From Iceland — A Wet And Windy Adventure Along The South Shore

A Wet And Windy Adventure Along The South Shore

Published April 27, 2012

Photo by
Natsha Nandabhiwat

When we arrive to the BSÍ terminal early in the morning, the air is crisp and clear and it looks like we picked a great day to tour the south shore of Iceland. However, we would soon learn firsthand that the weather in Iceland is fickle to say the least.

On the bus and heading south, our guide begins to tell us all about the mountains around Reykjavík, and how geothermal activity plays an important role in Iceland. In fact, more than 90 percent of all buildings are heated by geothermal energy.

The scenery is ever changing as our bus makes its way along Route 1. When the volcano, Hengill, comes into view in the distance, our guide informs us that it had erupted just recently. “About 2.000 years ago,” he continues, anticipating a laugh from the bus. Although Iceland has experienced two eruptions in the last two years, 2.000 is not a big number, geologically speaking.

We would later see that one of the two more recent eruptions, including the Eyjafjallajökull eruption of 2010, has left its mark on the area with volcanic ash still blocking the riverbeds. This is because, as our guide explains, volcanic ash solidifies when it comes into contact with water and mud.

Driving past Hengill, we descend on a small town called Hveragerði. Small houses stand forlornly in the green landscape against a dark sky. The illuminated greenhouses in the valley look like spaceships that have just landed. Most of Iceland’s vegetables are grown in this area with the help of geothermal heat during the dark winter months.

From a blue glacier to a black beach

The first big highlight of the trip is a stop at Sólheimajökull, an outlet glacier that comes into view after a rather bumpy drive on a gravel road. The glacier tongue provides an extraordinary view from both afar and up close. The compressed ice is an amazing shade of blue, interspersed with black and white, which changes from every angle and change in the weather.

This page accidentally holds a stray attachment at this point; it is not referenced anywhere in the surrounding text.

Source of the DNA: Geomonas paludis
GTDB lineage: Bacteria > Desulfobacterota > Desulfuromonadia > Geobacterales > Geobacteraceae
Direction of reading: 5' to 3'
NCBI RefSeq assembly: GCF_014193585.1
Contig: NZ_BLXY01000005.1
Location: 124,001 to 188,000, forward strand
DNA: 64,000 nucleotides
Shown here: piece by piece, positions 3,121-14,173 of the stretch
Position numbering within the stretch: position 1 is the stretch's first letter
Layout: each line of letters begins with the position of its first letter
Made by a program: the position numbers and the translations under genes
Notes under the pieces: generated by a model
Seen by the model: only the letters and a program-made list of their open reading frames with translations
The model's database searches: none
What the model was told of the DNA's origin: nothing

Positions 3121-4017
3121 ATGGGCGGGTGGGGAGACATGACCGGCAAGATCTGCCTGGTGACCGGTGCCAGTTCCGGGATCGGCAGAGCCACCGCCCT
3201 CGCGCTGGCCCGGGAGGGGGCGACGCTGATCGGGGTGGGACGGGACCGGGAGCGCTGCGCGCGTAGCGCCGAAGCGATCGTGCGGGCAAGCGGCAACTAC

On we go to Vík í Mýrdal, the southernmost town in Iceland. Now, it might be charming in the summer when the weather is a bit more welcoming, but on a cloudy day in February, the only beautiful view is of the waves hitting the shore a few hundred metres away.

This view became even more breathtaking from the beach Reynishverfi, named after Reynir, first settler in the area. Never before had I seen such a magnificent black sand beach. The sea is in uproar and the waves turn parts of the beach into white foam, before receding again. The basalt rock formation at the beach, stemming from volcano eruptions thousands of years ago, remind me of the Giants Causeways in Ireland and are just as fascinating to look at.

The Reynisdrangar sea stacks, which rise from the water a few hundred metres from the coast, were reportedly formed when two trolls tried to drag a ship to the shore, but were caught off guard by the rising sun and turned to stone. At least that’s what the information sign by the parking lot says. The weather is getting rainier and windier and I am becoming colder and wetter, but this is definitely worth a stop.

Waterfalls don’t always obey gravity

Off we are, to the warmth of the Skógar museum, which proves to be a nice escape from the elements. The museum features thousands of artefacts from the last centuries collected by its founder, Þórður Tómasson, who opened the museum in 1949. It is clear that life in Iceland was not easy for settlers, and they had to be especially resourceful to make tools and find use for every part of the animals they killed. Þórður picks up a couple of old instruments and plays some Icelandic tunes for us.

Finally, our last two stops are at the waterfalls, Skógarfoss and Seljalandsfoss. Waterfalls tend to have a calming effect on me due to their steady rhythm of crashing water. Skógarfoss has this effect. It is impressive and soothing to watch, as I stand there thinking how this could go on forever. Nothing can stop a waterfall, it seems.

Seljalandsfoss, though smaller, is equally impressive. It is so windy that the water is derailed from its usual course, and blows away horizontally. Although you can walk behind this waterfall, I decide to enjoy the view from afar, feeling plenty wet already.

This is the end to our day in the south. I’d say that it would have been nicer if we had had better weather, but I suppose this was a typical Icelandic experience. You never know what the day brings here, especially weather-wise.


The South Shore Adventure trip was provided by Reykjavík Excursions. You can book it at or by calling +354 580 5400

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